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Minnesota Industrial Hemp Association Federal Farm Bill Priorities

Updated: Mar 8

Access to Capital


Investment capital and affordable credit continues to be a major impediment to growing a legal and well-regulated hemp crop.  Just as with other commodity crops under the purview of the United States Department of Agriculture (USDA), if hemp, and derivatives thereof, fall within the legal definition as provided in the Agriculture Improvement Act of 2018 (Public Law 115-334), then the crop should be eligible for credit, research, economic development, and rural development purposes. 


Specifically, the MIHA supports growers of industrial hemp being eligible for United States Department of Agriculture USDA direct, loan guarantee and grant programs, including the Business & Industry (B&I) Loan Program, and specialty crop research grants.




There is great potential for industrial hemp to be utilized as a rotational crop and there is need for new varieties.  The MIHA supports private-public partnerships that will foster research and promotion of industrial hemp food and fiber variety development.


Crop Insurance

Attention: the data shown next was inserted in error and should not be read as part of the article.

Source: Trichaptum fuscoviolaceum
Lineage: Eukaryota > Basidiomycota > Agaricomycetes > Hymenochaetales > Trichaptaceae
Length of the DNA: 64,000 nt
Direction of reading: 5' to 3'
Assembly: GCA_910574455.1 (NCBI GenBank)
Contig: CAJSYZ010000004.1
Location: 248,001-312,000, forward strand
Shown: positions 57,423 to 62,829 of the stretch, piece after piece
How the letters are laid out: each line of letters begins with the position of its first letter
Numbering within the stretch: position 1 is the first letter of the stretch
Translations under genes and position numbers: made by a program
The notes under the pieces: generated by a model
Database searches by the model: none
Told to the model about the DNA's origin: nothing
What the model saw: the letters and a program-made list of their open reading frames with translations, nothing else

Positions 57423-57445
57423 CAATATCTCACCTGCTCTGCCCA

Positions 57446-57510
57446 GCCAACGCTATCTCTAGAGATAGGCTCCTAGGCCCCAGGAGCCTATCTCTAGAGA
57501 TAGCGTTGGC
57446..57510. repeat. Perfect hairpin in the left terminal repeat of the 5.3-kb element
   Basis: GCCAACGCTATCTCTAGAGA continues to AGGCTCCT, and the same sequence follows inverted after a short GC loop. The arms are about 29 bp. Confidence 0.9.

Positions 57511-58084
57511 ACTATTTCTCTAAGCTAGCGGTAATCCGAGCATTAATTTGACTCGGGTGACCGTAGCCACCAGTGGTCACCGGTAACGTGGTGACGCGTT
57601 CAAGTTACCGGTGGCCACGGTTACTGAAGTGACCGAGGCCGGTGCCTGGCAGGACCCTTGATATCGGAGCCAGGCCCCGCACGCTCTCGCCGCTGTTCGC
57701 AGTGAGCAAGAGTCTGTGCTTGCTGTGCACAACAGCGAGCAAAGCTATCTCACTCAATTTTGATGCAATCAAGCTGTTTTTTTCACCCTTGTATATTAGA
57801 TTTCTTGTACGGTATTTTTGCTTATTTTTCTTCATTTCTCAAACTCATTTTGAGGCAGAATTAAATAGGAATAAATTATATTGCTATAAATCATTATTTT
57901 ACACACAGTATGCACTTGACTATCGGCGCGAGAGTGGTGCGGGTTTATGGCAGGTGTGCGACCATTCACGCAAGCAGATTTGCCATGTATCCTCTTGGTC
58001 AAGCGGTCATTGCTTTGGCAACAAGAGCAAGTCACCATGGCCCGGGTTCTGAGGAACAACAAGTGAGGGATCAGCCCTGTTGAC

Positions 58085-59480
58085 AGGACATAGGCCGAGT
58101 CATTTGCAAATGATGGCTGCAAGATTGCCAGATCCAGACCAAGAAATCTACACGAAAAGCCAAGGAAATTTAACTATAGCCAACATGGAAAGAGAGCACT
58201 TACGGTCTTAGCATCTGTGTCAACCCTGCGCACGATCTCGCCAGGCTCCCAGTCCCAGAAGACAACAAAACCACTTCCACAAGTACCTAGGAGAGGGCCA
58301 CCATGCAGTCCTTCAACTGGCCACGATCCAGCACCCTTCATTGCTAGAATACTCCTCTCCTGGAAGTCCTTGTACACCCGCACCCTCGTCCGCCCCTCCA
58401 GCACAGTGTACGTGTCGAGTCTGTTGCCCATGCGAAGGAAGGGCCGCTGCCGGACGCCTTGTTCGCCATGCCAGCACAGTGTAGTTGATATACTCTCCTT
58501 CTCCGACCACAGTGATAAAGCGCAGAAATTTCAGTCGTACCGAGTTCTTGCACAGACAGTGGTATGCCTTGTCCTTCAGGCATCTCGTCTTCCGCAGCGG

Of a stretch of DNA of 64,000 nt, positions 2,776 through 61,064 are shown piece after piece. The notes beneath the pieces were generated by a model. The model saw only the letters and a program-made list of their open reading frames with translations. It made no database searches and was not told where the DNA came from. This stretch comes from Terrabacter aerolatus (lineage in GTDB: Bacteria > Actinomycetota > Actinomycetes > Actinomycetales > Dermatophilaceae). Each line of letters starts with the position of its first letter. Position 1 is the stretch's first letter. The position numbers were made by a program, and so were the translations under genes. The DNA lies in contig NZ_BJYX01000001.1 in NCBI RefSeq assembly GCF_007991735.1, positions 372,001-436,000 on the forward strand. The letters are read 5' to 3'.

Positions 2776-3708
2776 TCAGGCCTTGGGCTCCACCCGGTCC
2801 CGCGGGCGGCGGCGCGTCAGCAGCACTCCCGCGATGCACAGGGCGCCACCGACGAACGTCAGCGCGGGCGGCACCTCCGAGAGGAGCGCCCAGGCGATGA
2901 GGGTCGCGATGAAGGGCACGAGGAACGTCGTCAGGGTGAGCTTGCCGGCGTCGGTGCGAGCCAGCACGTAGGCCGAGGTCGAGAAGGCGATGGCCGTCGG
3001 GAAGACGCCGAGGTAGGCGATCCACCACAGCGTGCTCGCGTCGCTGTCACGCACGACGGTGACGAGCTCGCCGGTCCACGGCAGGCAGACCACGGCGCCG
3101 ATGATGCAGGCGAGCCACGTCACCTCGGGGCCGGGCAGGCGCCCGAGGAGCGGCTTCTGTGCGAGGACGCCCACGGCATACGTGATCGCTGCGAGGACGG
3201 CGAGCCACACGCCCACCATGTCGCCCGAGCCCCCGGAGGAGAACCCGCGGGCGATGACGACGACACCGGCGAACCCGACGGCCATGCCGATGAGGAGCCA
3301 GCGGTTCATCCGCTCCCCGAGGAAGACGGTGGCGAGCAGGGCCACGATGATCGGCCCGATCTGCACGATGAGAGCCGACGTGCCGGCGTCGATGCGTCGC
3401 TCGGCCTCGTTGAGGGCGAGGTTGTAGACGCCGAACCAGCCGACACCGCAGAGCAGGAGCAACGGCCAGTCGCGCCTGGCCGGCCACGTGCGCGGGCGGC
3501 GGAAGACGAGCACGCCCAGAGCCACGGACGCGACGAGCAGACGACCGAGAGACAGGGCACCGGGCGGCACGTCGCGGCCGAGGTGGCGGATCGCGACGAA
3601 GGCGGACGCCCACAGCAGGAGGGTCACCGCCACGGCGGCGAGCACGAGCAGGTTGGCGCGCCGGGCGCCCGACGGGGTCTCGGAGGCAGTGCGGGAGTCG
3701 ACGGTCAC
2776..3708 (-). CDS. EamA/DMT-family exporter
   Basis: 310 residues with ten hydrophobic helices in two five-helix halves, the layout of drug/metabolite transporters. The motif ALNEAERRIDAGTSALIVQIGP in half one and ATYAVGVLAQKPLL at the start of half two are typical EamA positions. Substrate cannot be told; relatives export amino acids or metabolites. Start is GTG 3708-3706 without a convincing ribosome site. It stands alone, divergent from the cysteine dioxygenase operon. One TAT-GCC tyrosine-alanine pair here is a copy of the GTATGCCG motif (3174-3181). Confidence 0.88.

The MIHA supports a wide range of strong risk-management tools for industrial hemp producers, including a viable crop insurance program.  Absent a viable crop insurance program, many young and beginning producers, who traditionally have less collateral and equity, would face additional challenges in obtaining financing.


Indoor Agriculture


Undercover production is important for the future of the industrial hemp sector, including the breeding of genetics and certified seed.  The MIHA supports eligibility for these facilities within current USDA programs.


Grain and Fiber Exemption


The domestic hemp production program is subject to rigorous oversight to include an extensive testing protocol during the crop’s grow cycle.  Common sense dictates that certain end uses of the crop may not warrant all test protocols, and to that end, the MIHA supports an exemption for hemp grain and fiber from being subjected to the full suite of delta-9-tetrahydrocannabinol testing.


USDA “Stamp of Approval”


The MIHA supports a USDA “Stamp of Approval” for hemp shipped between the various jurisdictions in the United States in order to facilitate interstate commerce, as well as acceptance of hemp products that meet the USDA Bio-Preferred status into government buying programs. 


Ability to Repurpose Hemp


The ability for producers to repurpose hemp that tests above the 0.3% THC limit for use in construction materials, plastics, and other purposes is warranted.


Drug Felony Ban


A review of the drug felon ban, which precludes individuals convicted of certain drug crimes from growing hemp for 10 years is in order.


The Minnesota Industrial Hemp Association (MIHA) is a broad coalition of businesses and individuals who advocate for the re-emerging industrial hemp sector from field to consumer. For additional information, please contact the MIHA at


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